As Texas attracted more residents and employers over the course of the COVID-19 pandemic, demand for all kinds of housing skyrocketed. Since the summer of 2021, rents in the state’s largest metropolitan areas have surged by double digits — exacerbating the state’s housing shortage.
Estimates vary on how many homes Texas needs to build to satisfy demand. A recent report from Up For Growth said Texas was short at least 322,000 single-family homes and apartments in 2019.
Housing is even harder to find for low-income households. Texas has one of the largest gaps in the nation between the number of households considered extremely low income and the number of available affordable homes, according to estimates from the National Low Income Housing Coalition — for every 100 extremely low-income households, there are 29 available rental units.
“We don’t want the next Skid Row in our community,” Magnis said. “But that’s where we’re headed if we don’t start figuring out how to build and sustain people in lower-cost living. The shelter system cannot just absorb it.”
“Our own private place”
The Dallas-Fort Worth region’s sky-high rents also have made it virtually impossible for some newcomers to the area to find a place to live.
Heather Dillard, 42, and her 14-year-old daughter relocated from San Angelo to Lewisville, a suburb half an hour northwest of Dallas, in 2021 so Dillard could undergo the last of a series of surgeries to repair serious injuries she suffered when a drunk driver struck her vehicle in 2013, leaving her in a wheelchair for a year.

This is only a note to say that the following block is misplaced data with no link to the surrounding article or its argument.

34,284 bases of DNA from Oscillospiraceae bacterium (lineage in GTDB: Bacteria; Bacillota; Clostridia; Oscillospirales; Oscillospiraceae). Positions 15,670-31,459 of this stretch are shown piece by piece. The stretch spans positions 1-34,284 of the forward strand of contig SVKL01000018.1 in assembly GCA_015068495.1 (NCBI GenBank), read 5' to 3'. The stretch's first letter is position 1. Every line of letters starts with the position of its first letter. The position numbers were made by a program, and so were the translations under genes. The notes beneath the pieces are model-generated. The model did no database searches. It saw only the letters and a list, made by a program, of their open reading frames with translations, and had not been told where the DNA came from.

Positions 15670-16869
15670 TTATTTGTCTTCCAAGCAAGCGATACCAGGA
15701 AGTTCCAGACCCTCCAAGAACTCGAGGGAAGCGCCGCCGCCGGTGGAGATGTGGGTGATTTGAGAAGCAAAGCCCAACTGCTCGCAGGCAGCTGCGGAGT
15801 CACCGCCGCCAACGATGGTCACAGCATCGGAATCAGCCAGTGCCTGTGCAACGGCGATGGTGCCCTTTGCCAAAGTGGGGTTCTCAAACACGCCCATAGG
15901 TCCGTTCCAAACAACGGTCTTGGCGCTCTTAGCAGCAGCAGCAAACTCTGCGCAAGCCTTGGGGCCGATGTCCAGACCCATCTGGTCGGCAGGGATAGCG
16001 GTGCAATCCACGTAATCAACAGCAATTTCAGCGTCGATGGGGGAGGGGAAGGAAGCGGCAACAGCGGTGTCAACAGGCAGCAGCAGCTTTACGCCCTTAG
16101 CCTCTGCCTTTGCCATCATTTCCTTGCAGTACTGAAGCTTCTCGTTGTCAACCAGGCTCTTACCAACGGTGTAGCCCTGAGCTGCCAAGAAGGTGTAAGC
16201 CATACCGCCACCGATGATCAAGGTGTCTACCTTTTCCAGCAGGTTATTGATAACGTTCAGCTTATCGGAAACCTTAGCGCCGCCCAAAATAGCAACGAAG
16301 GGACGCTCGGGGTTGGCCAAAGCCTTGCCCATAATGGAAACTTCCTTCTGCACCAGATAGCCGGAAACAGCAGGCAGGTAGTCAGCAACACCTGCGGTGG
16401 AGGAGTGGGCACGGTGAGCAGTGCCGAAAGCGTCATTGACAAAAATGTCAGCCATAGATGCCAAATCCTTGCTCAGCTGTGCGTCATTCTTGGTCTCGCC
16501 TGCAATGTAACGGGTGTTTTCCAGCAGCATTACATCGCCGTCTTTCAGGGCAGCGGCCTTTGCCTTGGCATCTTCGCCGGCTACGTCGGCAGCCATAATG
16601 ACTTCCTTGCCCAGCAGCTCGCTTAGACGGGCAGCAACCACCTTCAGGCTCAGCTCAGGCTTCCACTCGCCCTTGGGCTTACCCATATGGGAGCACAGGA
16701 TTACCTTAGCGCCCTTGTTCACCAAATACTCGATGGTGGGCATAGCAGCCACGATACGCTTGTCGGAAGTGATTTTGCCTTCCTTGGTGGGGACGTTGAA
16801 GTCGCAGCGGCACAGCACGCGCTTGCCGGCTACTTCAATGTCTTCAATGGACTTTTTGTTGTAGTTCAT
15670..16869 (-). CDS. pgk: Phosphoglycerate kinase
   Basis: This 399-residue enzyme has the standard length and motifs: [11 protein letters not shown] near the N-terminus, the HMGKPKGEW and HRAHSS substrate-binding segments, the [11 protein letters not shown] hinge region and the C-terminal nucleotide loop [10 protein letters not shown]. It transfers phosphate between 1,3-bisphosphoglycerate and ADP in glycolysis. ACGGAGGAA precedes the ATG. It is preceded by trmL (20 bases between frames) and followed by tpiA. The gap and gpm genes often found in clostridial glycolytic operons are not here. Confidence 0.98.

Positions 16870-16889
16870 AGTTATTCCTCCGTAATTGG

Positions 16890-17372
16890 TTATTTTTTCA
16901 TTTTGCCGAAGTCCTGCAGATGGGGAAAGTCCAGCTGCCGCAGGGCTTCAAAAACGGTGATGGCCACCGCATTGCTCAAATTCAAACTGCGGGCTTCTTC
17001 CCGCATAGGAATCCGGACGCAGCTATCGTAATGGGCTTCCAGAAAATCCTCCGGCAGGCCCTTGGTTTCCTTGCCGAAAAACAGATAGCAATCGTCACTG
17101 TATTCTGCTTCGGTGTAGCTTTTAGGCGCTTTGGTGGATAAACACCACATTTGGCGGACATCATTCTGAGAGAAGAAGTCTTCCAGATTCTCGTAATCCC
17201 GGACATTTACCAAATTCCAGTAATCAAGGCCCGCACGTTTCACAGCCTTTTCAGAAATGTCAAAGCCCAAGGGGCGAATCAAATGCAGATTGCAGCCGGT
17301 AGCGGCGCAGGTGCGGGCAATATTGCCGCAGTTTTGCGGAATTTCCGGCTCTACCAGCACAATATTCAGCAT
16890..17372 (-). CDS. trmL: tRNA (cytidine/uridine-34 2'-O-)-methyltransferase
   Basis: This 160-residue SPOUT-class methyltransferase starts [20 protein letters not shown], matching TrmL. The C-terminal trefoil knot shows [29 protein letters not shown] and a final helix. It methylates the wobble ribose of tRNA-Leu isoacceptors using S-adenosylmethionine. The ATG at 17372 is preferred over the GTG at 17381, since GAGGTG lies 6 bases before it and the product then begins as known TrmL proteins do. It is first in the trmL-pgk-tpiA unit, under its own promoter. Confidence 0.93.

Her surgeon had moved from Austin to Lewisville. Rather than find a new surgeon, Dillard made the eight-hour round trip from San Angelo to the Dallas suburb several times and decided to move there for the final surgery and months of follow-up visits.
But Dillard, who works as a singer and music teacher, has struggled to find a two-bedroom home she could afford within a reasonable distance from her doctor’s office.
Meanwhile, Dillard stayed in a hotel, which cost $650 to $850 per month — which was less than a one-bedroom apartment in Lewisville. She spent at least $3,000 from her savings and still had to borrow money from family members and get federal rental assistance dollars through a local United Way affiliate to cover nine months while she recuperated and had follow-up visits with her doctor.
“It did bother me to a point because I wanted a place for my daughter and I … where we can have our own private place,” Dillard said.
The need for housing assistance also is growing in North Texas as housing costs and inflation surge. United Way of Denton County, which distributes the county’s allocation of federal rental assistance funds, received more than 400 applications when it opened the application process for the latest round of funds on Oct. 1, said Gary Henderson, the organization’s CEO. The organization now has a backlog of 2,760 applications for rental assistance, he said.
“We’ve never seen 2,760 households reaching out to avoid eviction, to avoid homelessness,” Henderson said.
Denton County officials set aside federal stimulus funds to pay for emergency hotel stays for people who recently lost their housing — but those funds dried up in May. That’s when Dillard and her daughter moved into a Salvation Army shelter in Denton, 20 minutes northwest of Lewisville. They’re now on a list for housing through the charity’s rapid rehousing program and still searching for an affordable apartment.
They’re trying to put down roots. Dillard is passing out fliers for her budding business giving voice lessons. She also wants to perform again. In an office at the Denton shelter, she sings a few bars in a bluesy croon reminiscent of Norah Jones. She’s looking for a guitarist to accompany her at live gigs in the college town but doesn’t have the necessary gear — she sold her speakers, microphones and other gear earlier in the pandemic to pay the bills.
Being without a home has tested her faith, she said, but ultimately strengthened it.
“You realize that everybody else around you is going through similar situations,” she said.
“Absolutely hating the world”